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Pigeon Facts

Size 12-13.5 in (31-34 cm)
Speed Up to 50 mph (80 km/h); 62-75 mph (100-120 km/h) (short distances)
Weight 10-14 oz (300-400 g)
Lifespan Up to 35 years
Food Grains, seeds
Predators Raccoons, owls, eagles, hawks, opossums
Habitat Worldwide
Order Columbiformes
Family Columbidae
Scientific name Columbidae
Characteristics Primarily move by walking on the ground

Main Characteristics

When we are thinking of pigeons we usually have the picture of a feral dove in our minds. In fact, the family of pigeons is very large.

Pigeon Photo: DanVostock/Shutterstock


There are more than 300 species. Many of them are very colorful, have beautiful patterns or striking head feathers. Most pigeons live in South Asia to Australia. In Central Europe there are only five species: feral pigeon, common wood pigeon, Eurasian collared pigeon, European turtle dove and stock dove.


Distribution and Habitat

Pigeons prefer forests, but they also live in cities. Only a few species inhabit mountain and desert areas.

Pigeon Photo: Monia Kosciejew/Shutterstock

Anatomy and Appearance

The Largest

The largest Pigeon is the Victoria crowned pigeon with a weight of more than 4.4 pounds (2 kg) and a size of up to 29 inches (73 cm).

The Smallest

The smallest species is the plain-breasted ground dove. It's just as small as a sparrow and weighs only 0.7 ounces (22 grams).

Feral Pigeons

Feral pigeons grow to 12-13 inches (31-34 cm) and weigh 10-14 ounces (300-400 grams).


Pigeon Photo: Dimitry Elagin/Shutterstock



Pigeons move on foot very often. As they walk around, they pick up grains and seeds. But unlike many other birds, they can't remove the outer shell of the seeds. They have to swallow them in whole. Another behavior that makes them different from other birds is, that they rarely use their feet when eating.


Have you ever watched a bird drinking? It dips its beak into the water and then moves its head back so that so that the water can run down its throat. The bird does not have muscles for swallowing and there is no other way to get fresh water. Pigeons have a different method. They use their beak like a straw to suck water.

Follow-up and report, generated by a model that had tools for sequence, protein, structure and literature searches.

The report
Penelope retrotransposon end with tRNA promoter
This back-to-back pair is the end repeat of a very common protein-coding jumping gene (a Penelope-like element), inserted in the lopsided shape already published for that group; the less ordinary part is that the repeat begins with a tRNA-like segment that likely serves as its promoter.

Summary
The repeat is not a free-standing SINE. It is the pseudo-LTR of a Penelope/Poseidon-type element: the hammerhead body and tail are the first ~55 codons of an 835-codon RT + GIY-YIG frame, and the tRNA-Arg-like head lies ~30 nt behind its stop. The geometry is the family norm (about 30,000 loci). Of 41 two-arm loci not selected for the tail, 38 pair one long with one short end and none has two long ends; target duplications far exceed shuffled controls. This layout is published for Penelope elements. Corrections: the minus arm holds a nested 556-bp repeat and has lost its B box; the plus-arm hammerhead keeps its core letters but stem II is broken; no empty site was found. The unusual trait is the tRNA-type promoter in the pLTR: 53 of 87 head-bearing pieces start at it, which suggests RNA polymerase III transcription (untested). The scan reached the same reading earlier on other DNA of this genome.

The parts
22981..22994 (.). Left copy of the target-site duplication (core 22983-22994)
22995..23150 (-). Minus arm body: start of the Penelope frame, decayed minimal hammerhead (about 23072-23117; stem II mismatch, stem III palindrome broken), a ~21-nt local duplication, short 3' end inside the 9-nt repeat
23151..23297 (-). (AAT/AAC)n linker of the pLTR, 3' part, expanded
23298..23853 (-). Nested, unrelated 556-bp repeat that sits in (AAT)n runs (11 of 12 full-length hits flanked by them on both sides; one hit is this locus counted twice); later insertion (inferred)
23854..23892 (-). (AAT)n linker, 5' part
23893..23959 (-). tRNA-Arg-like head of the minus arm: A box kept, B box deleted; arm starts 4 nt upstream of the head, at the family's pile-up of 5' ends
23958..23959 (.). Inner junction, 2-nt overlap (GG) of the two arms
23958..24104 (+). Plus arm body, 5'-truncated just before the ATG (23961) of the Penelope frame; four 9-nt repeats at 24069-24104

Pigeon Photo: Irina Falkanfal/Shutterstock

Senses and Abilities

Sense of Vision

Pigeons have very good eyesight. They can clearly see objects that are 22 miles (35 km) away - when there are no clouds in between. Like humans they can recognize colors, but they also perceive ultraviolet light.


Letter pigeons can reach speeds of up to 75 mph (120 km/h).

Magnetic Sense

How does a pigeon find its way home, particularly over unbelievably long distances? It uses the earth’s magnetic fields for orientation.

Flying Distance

Some pigeon species are especially cultured and trained to find their way back home. These pigeons are able to cover distances of more than 620 miles (1,000 km).


An international team of scientists at the Duke University, North Carolina, USA, found out that pigeons can memorize up to 725 patterns for several years. On photos they can recognize a particular person even in different clothes.

Pigeons are also very good at multitasking. They can quickly switch between different two different tasks or puzzles. Even faster than humans.

Pigeons love to gamble. They do it even though they know they could lose their bet (= food). There are only a few other animal species are known to show play behavior, such as primates and dolphins.

They also have a similar understanding of time and space as chimpanzees.

Importance to the Ecosystem

Pigeons eat seeds and spread them around which helps plants to reproduce in new locations. Pigeons are also an important source of food for birds of prey such as the peregrine falcon, the kestrel and the sparrowhawk.


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